Greenhorn Excitement

I am just so excited about everything that’s going on here at the Frühlingskabine. Mostly the wonderful unexpected things.

20120331-211527.jpg

A year ago Trevor would have never guessed that he would ever be the caretaker of a beehive, not to mention two! It actually all started in the bookstore. I had seen Ashley English’s book on beekeeping online in a giveaway a few weeks prior and when I saw it in our local bookstore I suggested buying it. Trevor didn’t want to spend the twenty-something dollars on it, but I convinced him that if once he read it he still wasn’t interested, I would drop it. A month later we were ordering supplies online and looking for someone with bees to give away.

I have never known a beekeeper or even someone who is a friend of a beekeeper so it was fun to watch Trevor become enamored with the little winged ones. I also have never learned so much about an insect and it’s behaviors and culture as I have with the honey bee. Now I can make an educated guess as to the type of honey bee (Carneolan or Italian or Russian) just by looking at it. We both have grown by learning to care for an apiary.

20120331-211753.jpg

A year ago I would have never guessed that I would ever own rabbits! My brother and I had guinea pigs as kids and a family dog, but rabbits (and angoras especially) are a whole other animal. The idea of rabbits started when I was reading Jenna’s blog Cold Antler Farm and all about her flock of sheep. I didn’t particularly want sheep, but the idea of raising and harvesting my own wool seemed like something I wanted to try. I didn’t even really knit and I certainly had never operated a spinning wheel before! But, I wanted to try and if I’m not stubborn, I’m determined. Even once we made the move into the Frühlingskabine there was no way I would have room for sheep, but what else produces wool? Angora rabbits! Small, quiet, and discreet. Perfect.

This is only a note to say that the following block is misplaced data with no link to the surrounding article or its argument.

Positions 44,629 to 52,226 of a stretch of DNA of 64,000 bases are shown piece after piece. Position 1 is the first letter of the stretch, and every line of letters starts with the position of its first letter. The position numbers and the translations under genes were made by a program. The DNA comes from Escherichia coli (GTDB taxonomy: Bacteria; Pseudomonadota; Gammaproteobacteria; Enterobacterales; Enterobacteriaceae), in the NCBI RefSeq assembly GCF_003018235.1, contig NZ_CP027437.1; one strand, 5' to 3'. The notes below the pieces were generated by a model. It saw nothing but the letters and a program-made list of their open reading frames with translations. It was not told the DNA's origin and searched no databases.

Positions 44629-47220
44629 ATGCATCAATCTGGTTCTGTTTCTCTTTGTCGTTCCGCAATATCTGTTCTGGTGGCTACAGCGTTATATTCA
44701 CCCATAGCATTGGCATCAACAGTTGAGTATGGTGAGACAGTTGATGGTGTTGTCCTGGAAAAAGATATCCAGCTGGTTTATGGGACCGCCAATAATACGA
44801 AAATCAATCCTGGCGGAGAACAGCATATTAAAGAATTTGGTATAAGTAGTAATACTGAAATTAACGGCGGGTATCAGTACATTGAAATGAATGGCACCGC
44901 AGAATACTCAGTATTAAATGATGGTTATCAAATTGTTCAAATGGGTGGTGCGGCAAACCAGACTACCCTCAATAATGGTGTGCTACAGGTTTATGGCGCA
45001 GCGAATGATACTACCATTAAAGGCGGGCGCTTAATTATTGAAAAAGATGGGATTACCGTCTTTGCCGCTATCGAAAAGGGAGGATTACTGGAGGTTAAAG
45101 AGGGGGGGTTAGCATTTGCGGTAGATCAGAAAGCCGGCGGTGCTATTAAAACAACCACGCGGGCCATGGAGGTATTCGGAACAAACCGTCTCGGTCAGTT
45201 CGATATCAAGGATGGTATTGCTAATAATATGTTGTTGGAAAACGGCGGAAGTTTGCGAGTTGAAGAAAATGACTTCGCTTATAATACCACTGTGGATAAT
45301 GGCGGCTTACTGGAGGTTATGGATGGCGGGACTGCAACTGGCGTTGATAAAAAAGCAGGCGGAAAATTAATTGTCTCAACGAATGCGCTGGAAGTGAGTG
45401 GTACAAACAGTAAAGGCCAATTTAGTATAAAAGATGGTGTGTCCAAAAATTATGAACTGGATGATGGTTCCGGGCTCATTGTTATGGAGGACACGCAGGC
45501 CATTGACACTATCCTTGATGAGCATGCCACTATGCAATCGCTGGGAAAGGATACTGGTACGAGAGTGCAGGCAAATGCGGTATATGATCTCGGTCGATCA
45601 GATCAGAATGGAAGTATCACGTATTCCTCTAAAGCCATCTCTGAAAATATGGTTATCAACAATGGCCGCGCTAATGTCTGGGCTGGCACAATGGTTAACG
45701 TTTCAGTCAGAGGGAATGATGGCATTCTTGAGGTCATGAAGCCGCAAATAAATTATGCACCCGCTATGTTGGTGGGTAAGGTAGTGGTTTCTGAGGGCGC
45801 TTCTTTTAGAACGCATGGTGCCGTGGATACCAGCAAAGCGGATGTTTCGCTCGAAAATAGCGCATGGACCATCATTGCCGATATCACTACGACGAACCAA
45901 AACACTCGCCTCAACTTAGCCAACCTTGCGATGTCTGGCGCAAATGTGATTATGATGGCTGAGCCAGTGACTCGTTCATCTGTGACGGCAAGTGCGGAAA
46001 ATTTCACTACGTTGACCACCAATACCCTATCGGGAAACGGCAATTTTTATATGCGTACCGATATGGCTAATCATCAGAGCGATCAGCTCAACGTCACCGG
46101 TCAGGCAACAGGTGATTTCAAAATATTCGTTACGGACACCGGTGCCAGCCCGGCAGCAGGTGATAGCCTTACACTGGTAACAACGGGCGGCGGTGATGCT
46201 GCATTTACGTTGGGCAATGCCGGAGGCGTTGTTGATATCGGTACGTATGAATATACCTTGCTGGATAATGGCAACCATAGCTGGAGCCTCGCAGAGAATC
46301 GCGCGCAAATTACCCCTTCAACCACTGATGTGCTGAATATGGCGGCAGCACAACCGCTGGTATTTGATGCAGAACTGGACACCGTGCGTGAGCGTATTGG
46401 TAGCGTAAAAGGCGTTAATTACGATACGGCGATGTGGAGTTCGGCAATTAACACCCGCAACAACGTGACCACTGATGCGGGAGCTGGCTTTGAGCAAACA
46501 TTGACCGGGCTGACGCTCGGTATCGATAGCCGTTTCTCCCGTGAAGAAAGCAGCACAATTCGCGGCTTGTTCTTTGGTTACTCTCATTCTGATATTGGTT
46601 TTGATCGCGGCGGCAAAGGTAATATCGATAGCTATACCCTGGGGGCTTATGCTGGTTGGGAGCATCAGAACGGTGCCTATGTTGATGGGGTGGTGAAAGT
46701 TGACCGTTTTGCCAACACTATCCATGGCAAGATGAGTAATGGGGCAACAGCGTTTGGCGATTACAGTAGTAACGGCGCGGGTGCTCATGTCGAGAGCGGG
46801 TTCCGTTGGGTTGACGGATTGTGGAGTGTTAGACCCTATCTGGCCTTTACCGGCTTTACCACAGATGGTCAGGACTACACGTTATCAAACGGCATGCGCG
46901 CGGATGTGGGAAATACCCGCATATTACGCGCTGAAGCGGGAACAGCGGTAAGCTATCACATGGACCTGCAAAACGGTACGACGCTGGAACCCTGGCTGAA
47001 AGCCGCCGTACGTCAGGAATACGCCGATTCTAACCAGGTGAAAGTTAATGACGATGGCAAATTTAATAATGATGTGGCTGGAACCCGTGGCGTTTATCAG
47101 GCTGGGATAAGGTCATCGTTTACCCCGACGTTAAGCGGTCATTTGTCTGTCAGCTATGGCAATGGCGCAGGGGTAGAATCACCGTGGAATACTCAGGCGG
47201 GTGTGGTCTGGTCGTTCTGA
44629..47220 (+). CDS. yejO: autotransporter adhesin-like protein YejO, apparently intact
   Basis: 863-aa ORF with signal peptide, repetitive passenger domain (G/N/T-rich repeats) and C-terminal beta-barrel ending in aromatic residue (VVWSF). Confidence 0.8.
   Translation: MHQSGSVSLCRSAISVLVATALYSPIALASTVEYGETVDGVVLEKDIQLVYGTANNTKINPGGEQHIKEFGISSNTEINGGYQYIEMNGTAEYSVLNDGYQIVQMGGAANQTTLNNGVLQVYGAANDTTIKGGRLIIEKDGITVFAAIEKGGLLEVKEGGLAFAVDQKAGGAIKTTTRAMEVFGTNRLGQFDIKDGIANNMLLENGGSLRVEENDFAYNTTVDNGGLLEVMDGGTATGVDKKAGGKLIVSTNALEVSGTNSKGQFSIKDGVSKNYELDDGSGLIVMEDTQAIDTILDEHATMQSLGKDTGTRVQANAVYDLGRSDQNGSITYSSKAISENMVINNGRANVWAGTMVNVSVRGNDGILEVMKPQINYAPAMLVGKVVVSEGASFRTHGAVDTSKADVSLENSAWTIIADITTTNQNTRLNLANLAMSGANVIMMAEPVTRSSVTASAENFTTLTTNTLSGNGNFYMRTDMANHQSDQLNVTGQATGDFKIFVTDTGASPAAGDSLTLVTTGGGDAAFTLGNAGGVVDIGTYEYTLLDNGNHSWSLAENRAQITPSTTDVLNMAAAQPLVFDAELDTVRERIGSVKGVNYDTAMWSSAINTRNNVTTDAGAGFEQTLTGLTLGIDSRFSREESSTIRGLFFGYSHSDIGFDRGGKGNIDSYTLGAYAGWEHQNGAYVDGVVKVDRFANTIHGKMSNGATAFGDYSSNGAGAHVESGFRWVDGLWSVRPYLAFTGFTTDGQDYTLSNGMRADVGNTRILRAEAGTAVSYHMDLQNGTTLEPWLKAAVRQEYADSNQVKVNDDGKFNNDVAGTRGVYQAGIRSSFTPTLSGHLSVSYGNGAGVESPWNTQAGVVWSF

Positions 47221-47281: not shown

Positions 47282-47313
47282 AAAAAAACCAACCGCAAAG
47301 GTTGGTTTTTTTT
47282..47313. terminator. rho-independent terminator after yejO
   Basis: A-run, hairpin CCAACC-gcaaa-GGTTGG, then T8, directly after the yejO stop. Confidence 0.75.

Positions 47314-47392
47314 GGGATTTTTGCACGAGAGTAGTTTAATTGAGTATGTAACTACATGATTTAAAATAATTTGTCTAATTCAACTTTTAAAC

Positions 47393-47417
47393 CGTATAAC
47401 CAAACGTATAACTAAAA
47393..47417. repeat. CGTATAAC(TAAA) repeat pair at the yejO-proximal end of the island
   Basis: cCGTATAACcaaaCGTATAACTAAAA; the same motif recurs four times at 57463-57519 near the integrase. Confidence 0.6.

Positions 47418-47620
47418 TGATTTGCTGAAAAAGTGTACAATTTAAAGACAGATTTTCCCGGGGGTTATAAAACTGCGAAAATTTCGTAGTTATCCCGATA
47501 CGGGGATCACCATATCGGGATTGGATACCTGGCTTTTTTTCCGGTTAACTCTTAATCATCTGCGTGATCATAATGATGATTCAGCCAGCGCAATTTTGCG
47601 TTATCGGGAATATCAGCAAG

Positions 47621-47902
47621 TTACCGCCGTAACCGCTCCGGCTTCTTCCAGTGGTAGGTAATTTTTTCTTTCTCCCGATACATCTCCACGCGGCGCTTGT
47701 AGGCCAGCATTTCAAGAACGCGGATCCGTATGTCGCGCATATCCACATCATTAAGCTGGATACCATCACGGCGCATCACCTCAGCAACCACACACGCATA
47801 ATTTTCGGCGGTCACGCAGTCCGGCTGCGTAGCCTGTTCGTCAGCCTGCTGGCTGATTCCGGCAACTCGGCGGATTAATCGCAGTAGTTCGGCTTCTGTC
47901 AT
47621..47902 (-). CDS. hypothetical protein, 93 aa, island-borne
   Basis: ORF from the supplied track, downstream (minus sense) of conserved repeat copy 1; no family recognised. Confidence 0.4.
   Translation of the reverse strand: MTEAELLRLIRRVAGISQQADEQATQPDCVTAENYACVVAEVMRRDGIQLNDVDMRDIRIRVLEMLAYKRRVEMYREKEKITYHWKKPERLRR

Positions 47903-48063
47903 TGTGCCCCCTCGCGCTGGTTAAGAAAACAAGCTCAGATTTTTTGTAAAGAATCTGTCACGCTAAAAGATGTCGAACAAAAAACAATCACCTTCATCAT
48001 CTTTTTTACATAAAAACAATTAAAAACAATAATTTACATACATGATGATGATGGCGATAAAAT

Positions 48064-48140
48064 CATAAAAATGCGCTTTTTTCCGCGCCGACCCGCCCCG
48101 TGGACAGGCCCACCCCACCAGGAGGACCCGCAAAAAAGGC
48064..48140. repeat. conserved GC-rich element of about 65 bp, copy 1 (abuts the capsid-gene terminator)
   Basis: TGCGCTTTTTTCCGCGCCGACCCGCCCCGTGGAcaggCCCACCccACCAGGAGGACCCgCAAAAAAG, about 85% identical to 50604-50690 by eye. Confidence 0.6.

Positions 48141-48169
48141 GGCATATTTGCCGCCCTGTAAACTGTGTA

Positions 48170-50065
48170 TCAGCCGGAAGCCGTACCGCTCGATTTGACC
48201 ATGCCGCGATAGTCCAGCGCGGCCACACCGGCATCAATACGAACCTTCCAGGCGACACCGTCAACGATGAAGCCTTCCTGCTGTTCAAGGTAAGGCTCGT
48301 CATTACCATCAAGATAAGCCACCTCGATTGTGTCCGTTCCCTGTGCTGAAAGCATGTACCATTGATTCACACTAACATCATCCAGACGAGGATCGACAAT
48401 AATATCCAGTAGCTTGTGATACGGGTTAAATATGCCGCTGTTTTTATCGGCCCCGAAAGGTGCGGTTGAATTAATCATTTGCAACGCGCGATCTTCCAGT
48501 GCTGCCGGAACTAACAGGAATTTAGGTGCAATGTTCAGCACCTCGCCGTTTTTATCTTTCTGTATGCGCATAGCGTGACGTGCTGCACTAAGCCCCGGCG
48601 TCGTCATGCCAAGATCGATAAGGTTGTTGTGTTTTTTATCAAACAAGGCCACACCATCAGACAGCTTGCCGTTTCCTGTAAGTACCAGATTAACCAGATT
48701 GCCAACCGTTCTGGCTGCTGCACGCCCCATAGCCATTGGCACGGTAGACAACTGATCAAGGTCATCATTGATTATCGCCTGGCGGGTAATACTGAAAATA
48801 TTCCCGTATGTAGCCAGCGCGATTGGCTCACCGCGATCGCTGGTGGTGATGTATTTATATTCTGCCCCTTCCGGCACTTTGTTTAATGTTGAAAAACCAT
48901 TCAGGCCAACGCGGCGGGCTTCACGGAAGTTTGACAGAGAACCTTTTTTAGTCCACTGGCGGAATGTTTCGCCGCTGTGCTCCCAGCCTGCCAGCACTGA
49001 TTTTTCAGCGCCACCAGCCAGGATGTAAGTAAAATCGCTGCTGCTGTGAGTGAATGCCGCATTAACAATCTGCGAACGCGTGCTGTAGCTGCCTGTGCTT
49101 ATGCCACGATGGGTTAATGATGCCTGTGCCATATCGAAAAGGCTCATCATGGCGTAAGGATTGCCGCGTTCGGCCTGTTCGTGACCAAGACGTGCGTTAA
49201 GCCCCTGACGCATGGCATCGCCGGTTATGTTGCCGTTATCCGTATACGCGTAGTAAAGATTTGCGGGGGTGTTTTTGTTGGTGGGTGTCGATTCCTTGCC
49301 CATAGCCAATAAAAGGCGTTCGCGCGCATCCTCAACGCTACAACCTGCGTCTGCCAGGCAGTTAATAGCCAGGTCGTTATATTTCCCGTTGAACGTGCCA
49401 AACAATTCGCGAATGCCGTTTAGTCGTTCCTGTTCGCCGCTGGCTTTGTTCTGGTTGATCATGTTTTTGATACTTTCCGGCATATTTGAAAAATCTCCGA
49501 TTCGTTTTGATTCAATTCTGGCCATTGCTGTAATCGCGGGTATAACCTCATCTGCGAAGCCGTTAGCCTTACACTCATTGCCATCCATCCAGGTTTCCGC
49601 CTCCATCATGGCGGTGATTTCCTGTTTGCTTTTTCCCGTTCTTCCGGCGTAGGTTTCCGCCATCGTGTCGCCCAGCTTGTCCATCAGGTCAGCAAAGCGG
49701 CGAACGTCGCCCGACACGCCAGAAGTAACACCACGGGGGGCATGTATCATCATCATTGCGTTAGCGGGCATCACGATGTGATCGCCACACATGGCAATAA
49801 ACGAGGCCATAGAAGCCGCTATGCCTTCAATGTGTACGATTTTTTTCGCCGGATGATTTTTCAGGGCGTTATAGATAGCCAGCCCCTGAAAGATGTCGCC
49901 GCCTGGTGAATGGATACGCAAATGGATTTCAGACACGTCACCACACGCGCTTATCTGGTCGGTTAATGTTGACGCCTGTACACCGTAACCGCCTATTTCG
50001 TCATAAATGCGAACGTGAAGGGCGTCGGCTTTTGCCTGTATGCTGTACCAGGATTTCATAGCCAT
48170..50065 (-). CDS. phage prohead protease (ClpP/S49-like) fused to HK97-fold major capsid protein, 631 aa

I settled on French angoras after deciding that German angoras were too large and only “showable” in white and English angoras would be harder to groom and care for. We had to drive about 12-hours further to get them, but I know I made the right choice. I figured French angoras would be a manageable size yet big enough to produce a good amount of wool and if I had litters, I could sell them to local 4-H kids. Apparently I underestimated the demand for Frenchies as my upcoming litter with Clementine is all but sold. My waiting list actually has names on it! Five people for a total of six rabbits are already on hold. Craziness! This really just means I have a good excuse for my husband as to why I need to breed for more litters. I can’t wait to see what kind of babies show up in the nest box!

A year ago neither of us would have ever guessed that we would be holding our breath for baby rabbits, or taking phone calls from perfect strangers to talk about wool production, or that we would be saving our pennies for that beautiful hand-crank honey extractor, or crossing our fingers that that new hive of honey bees in the yard will call the Frühlingskabine home. We didn’t know how fun this would be. Or how exciting.

2 thoughts on “Greenhorn Excitement

  1. I just discovered your blog. Thank you for journaling your backyard homesteading adventure! I’ve been a follower of the Dervaes family for many years and have similar dreams for myself and my partner. I used to be an urban farmer-in-progress in Pittsburgh, then moved to Oregon where I’m hoping to find an inexpensive slice of land to build a straw bale house someday. I never thought of rabbits for wool–thanks for posting this!!

    • The Dervaes family gets a lot of slack, but I think what they are doing is admirable. All we can do is our best and they are doing their part. We started off using them as -not a model because we live in a much different area- but as inspiration. Good people.

      I would love a straw bale house! Trevor and I are always looking at little cob cottages too… how grounding would it be to live in a form of earthen house?! I’m dreamin’ right along with you on that one!

      Thanks for reading and if you’re back on this post, we have done a lot since then. Happy farming!

Leave a Reply :: may be held for moderation

Fill in your details below or click an icon to log in:

WordPress.com Logo

You are commenting using your WordPress.com account. Log Out / Change )

Twitter picture

You are commenting using your Twitter account. Log Out / Change )

Facebook photo

You are commenting using your Facebook account. Log Out / Change )

Google+ photo

You are commenting using your Google+ account. Log Out / Change )

Connecting to %s